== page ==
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The Observer view on inequality in the UK | Observer editorial



Britain has become a better country in which to live on almost every measure in the 70 years since the Queen succeeded to the throne. We are a wealthier nation, with lower levels of absolute poverty and higher life expectancies. Many more can afford to enrich their lives with international travel. In the 1950s, few people owned televisions or fridges; today, technology of which they could only have dreamed has become a permanent feature for the vast majority. Women’s participation in the workforce has more than doubled and Britain is today a far less racist country than it was then.

But the national mood is different from 20 years ago at the golden jubilee, or even the diamond jubilee in 2012. In the early 2000s, Britain appeared at last to be on an upwards trajectory after the recession of the 1990s. There was an air of confident optimism, fuelled by buoyant growth accompanied by much-needed reinvestment in public services, a blooming creative industry that exported British culture around the world and the establishment of the minimum wage and a more generous welfare settlement, especially for pensioners and for families with children. Peace was achieved in Northern Ireland and power devolved to Scotland and Wales. The chancellor, Gordon Brown, even declared the end of “boom and bust”.

It has taken the benefit of hindsight to understand just how premature that was. First, there was the 2008 financial crisis that reverberated around the globe and set in train more than a decade of stagnating living standards for young people and those on low incomes; then, a referendum vote to leave the EU that sucked in all political energy for five years, leaving little for anything else; and a pandemic that claimed the lives of thousands of Britons and sent the national debt soaring to levels not seen since the 1960s. Global oil shocks and the war in Ukraine have sent inflation soaring to historic levels this year.

Each of these crises has been met with a political response that has fallen far short of what the country deserves. Conservative chancellors used the financial crisis as a justification for cutting back financial support for low-income families with children, even as they delivered expensive tax cuts that disproportionately benefited better-off families. Winning the Brexit referendum only delivered more power to ideologues within the Conservative party, who spent years agitating for a hard economic, as well as political, break with the EU that jeopardises the political stability of Northern Ireland and will drive up regional disparities in a country that already has some of the worst levels of geographic inequality among wealthy nations. Boris Johnson made serious and deadly errors in his handling of the pandemic, while undermining public trust in democracy by breaking laws he himself introduced to protect lives during a national emergency.

The product of all this is that the optimism of 20 years ago has been replaced with unhealthy levels of cynicism in our governing class; a sense things will continue to improve has been edged out by the gloom of stagnation. This is the first generation of young people who look set to be worse off than their parents. Britain’s housing crisis means that many people in their 30s will never own a home, leaving them consigned to the insecurity and expense of privately renting. But our addiction to growth fuelled by consumer debt and enabled by rising house prices means no politician has dared implement the effective solutions to the housing crisis that would right this intergenerational wrong.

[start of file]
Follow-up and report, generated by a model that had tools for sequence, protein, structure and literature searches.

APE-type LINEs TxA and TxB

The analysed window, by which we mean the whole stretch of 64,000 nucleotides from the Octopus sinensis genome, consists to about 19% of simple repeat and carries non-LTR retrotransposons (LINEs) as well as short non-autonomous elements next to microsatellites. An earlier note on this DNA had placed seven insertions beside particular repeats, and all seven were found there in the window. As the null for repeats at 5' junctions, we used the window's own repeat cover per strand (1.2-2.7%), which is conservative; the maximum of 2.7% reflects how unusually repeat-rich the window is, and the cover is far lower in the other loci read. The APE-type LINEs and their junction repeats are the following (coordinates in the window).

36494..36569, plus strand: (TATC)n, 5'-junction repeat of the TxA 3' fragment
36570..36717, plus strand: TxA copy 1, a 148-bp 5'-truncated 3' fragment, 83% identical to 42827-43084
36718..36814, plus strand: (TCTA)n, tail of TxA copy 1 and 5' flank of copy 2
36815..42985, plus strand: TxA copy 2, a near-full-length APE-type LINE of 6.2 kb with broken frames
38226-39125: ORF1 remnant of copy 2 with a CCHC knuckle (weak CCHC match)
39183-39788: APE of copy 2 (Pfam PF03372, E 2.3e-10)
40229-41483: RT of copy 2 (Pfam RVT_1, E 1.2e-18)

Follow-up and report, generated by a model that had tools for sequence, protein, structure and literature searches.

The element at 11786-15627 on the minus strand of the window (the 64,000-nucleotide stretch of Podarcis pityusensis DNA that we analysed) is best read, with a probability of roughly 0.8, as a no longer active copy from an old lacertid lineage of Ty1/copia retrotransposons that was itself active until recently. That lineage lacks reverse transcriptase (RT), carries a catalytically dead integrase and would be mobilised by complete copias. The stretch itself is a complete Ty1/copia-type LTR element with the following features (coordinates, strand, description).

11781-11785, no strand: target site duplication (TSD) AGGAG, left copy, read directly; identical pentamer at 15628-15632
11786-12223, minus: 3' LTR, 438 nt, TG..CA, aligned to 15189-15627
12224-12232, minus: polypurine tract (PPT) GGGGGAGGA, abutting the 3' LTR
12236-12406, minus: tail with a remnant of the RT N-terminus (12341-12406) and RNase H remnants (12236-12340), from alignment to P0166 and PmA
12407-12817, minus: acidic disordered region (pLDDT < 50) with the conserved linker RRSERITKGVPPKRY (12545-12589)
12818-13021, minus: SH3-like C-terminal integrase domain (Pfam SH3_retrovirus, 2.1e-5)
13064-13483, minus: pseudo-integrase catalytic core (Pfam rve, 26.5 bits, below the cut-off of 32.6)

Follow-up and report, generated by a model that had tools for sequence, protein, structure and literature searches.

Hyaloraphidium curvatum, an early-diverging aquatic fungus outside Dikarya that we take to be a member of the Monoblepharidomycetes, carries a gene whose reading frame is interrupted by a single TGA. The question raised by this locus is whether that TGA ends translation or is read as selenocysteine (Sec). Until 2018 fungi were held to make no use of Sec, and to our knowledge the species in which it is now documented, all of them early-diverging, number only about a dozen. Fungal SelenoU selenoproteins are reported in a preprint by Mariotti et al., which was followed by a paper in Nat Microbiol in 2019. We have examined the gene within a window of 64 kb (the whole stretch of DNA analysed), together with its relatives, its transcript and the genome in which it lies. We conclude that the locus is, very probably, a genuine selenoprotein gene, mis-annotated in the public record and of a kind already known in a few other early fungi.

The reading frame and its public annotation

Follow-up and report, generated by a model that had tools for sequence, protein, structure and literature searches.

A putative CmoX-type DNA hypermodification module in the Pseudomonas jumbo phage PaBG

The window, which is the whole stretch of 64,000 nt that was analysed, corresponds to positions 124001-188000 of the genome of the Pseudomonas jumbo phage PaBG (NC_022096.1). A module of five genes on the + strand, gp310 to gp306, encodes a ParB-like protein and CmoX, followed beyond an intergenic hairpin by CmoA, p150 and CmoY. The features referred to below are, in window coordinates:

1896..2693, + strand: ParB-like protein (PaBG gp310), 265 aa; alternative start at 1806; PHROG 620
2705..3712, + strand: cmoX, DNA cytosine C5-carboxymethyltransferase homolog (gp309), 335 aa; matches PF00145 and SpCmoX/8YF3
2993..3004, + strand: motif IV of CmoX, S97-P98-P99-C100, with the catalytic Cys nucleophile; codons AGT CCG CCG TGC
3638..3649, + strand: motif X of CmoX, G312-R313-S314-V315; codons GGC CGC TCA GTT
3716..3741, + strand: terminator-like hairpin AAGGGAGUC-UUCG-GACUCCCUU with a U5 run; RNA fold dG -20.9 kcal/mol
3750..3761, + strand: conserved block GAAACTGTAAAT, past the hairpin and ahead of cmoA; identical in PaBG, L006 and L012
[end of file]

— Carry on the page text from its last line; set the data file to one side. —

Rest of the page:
A decade of underinvestment in public services means that waiting times in the NHS are at record levels, with those who can afford it resorting to going private in order to access timely care. The Royal College of Emergency Medicine has warned that unacceptable waits for ambulances in England are putting lives at risk. A shortage of NHS dentists means some people are resorting to pulling out their own teeth to alleviate their pain. Rates of mental health disorders have increased from one in nine to one in six children in the last five years, but services are in crisis, with many children rejected for treatment because they do not qualify as ill enough. Politicians have dodged the difficult questions about how to fund decent older care in a society with an ageing population and in which older people are unnecessarily kept languishing in hospital wards for weeks or even months because there is nowhere to discharge them to.

Meanwhile, rates of child poverty are increasing after a decade of welfare cuts have left parents reliant on food banks and charity in order to ensure their children are warm and well fed. The rule of law has been undermined by cuts to frontline policing and court delays mean some crime victims are waiting more than two years for their case to reach court.

That life in Britain today is far better, on average, than it was in 1952 does not mean citizens should put up and shut up. The last decade has brought challenges of a scale not seen since the Second World War, but the UK is a wealthy country better equipped than ever to meet them, if only our leadership were equal to the task. Britain in 2022 is a country that has never been more desperately in need of political renewal.

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